Your essential weekly guide to Data Science and Analytics – September Part I

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Data Science and Analytics are being applied across industries, varying in their scope and magnitude based on the purpose of the application. Even as we witness these technologies solving bigger problems, there are still some challenges faced while building these solutions. We explore some of those challenges in this week’s digest.  

SEBI Bets on Data Analytics, New Generation Tech to Address Market Challenges

Continuing its efforts to bolster supervision and identify non-compliance, regulator Sebi plans to deploy data analytics and new generation technologies to deal with various challenges in the market. Technology solutions are being built to achieve the objective of identifying non-compliance and assisting in investigations.

Figleaves Deploys AVORA Augmented Analytics for Granular Insights and Reporting

AVORA provides an end-to-end augmented analytics platform, utilising Machine Learning with smart altering to deliver easy to use, in-depth data analysis. By eliminating the limitations of existing analytics, reducing data preparation and discovery time by 50-80%, and accelerating time to insight to just a matter of seconds rather than days, AVORA creates game-changing organizational intelligence.

New Tools of Data Science Used to Capture Single Molecules in Action

Single-molecule fluorescence techniques have revolutionized our understanding of the dynamics of many critical molecular processes, but signals are inherently noisy and experiments require long acquisition times. This work leverages new tools from data science in order to make every photon detected count and refine our picture of molecular motion.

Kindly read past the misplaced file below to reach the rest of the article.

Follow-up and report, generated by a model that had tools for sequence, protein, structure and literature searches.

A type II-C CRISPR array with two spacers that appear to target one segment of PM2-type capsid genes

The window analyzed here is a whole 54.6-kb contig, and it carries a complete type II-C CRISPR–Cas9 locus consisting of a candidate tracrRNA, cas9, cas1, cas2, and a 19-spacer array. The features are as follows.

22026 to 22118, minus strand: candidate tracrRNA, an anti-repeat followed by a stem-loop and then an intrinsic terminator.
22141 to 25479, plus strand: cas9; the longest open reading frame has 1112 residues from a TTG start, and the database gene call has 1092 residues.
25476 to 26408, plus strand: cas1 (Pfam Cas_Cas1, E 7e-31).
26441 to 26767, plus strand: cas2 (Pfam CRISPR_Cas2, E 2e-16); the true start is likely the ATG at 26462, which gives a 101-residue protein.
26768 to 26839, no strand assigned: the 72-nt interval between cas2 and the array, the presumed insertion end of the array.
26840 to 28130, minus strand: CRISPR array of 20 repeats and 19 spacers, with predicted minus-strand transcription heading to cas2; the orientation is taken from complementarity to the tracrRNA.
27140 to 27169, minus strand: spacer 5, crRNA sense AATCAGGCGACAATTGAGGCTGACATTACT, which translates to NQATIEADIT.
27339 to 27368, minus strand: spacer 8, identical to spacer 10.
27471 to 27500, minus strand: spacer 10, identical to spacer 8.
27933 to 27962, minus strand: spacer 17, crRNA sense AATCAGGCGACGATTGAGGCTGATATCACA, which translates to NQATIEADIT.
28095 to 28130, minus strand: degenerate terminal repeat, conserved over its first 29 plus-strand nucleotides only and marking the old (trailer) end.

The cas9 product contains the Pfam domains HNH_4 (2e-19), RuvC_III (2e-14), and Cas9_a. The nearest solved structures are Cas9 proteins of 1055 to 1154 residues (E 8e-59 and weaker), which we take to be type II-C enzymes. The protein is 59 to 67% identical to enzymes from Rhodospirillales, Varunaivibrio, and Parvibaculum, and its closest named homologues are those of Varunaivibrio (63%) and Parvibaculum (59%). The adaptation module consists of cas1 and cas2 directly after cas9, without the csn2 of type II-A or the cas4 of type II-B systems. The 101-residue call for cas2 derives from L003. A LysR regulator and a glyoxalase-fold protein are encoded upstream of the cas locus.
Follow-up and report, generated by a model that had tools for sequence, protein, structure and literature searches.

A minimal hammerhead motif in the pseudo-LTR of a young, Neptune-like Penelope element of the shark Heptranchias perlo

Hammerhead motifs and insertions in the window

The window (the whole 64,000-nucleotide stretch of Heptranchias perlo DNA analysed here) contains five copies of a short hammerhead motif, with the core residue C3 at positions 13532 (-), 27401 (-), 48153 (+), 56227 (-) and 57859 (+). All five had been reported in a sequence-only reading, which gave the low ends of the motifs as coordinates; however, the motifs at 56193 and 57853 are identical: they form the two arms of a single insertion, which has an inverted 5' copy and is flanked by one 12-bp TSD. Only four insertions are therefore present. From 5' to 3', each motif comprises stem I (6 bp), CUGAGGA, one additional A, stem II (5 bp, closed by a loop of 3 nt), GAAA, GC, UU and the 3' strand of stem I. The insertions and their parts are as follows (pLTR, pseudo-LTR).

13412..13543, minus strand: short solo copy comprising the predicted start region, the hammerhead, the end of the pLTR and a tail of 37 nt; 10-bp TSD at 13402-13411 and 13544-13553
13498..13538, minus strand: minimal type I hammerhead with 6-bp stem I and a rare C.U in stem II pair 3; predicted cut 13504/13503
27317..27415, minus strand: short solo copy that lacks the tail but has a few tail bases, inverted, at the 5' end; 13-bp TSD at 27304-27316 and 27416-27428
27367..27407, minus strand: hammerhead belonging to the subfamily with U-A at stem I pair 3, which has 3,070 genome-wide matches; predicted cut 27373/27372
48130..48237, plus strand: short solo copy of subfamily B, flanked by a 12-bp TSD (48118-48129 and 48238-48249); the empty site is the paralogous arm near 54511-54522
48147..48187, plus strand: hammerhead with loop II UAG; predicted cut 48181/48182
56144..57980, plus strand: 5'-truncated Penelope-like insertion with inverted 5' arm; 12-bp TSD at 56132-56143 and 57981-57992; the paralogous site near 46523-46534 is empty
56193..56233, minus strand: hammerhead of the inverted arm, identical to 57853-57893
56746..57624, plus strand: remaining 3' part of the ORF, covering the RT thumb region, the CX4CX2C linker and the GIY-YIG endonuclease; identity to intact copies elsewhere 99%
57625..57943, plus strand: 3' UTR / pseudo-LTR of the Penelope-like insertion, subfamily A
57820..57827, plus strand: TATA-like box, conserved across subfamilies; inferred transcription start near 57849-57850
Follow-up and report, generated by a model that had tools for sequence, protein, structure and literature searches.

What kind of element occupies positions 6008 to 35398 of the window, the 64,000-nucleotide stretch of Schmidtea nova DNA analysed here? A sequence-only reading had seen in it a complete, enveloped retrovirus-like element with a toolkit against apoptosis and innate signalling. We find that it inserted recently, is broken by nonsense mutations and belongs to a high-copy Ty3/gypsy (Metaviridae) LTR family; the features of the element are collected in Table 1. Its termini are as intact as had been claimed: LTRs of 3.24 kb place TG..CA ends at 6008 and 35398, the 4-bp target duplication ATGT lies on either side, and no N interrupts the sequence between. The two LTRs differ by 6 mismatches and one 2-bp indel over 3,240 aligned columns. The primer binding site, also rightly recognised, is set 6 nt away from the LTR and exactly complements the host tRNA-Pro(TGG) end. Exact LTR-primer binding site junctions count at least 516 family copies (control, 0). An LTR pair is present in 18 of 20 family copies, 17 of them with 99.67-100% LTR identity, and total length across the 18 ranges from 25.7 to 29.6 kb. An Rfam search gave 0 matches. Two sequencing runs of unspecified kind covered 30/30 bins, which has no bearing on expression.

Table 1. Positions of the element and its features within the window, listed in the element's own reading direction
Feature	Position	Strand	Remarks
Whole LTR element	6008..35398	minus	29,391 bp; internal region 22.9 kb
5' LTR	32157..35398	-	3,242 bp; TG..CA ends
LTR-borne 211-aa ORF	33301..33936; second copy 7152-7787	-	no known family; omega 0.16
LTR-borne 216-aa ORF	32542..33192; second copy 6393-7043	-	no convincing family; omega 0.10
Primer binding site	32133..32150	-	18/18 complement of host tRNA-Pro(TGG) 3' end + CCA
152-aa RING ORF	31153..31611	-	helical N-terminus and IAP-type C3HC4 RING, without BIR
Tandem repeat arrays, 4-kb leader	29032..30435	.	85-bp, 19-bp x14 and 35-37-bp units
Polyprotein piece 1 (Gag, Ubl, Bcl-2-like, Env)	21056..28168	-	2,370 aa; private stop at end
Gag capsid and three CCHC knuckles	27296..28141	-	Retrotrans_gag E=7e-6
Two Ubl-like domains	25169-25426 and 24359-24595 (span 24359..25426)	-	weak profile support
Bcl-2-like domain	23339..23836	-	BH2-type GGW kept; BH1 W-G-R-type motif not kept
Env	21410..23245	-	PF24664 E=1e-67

Challenges in Analytics Sector: The Industry Perspective

Analytics industry has witnessed significant growth over the years but is still prone to a lot of challenges in terms of talent, reaching the right consumers, cumulating data points, among others. 3 Key Challenges That Analytics Industry Still Faces Today are: 

Translating data to business impact | Multiple sources of data | Data quality

To read more about Data Science, Analytics, and their career prospects, check this space. Upskill in Data Science domain with Great Learning’s PG program in Data Science and Engineering.

Keep Calm and Let the Business Analyst Handle it

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A Day in the Life of a Business Analyst

Business Analytics has emerged as a much sought after skill set. Professionals with business analytics expertise can work in different analytical profiles in companies to help them grow – but what exactly do they do? This article breaks down the essentials of a BA profile by looking into a typical day in the life of a business analyst. 

Equipped with strong analytical skills and a sound knowledge of the market, business analysts take care of a range of tasks to help companies meet their business goals. While collecting and interpreting data is core to a business analytics profile, stakeholder communication, meeting management and report collating are equally important. Aspiring business analytics professionals can refer to this detailed account of a day in an analyst’s life to understand the requirements and set their expectations. 

For a business analyst, a typical day starts by pinning up tasks on a storyboard to plan and prioritise them. As with most other roles, business analysts also have team meetings to discuss pain-points, pending tasks, obstacles and priorities. After having the tasks planned out, the workflow looks somewhat like this: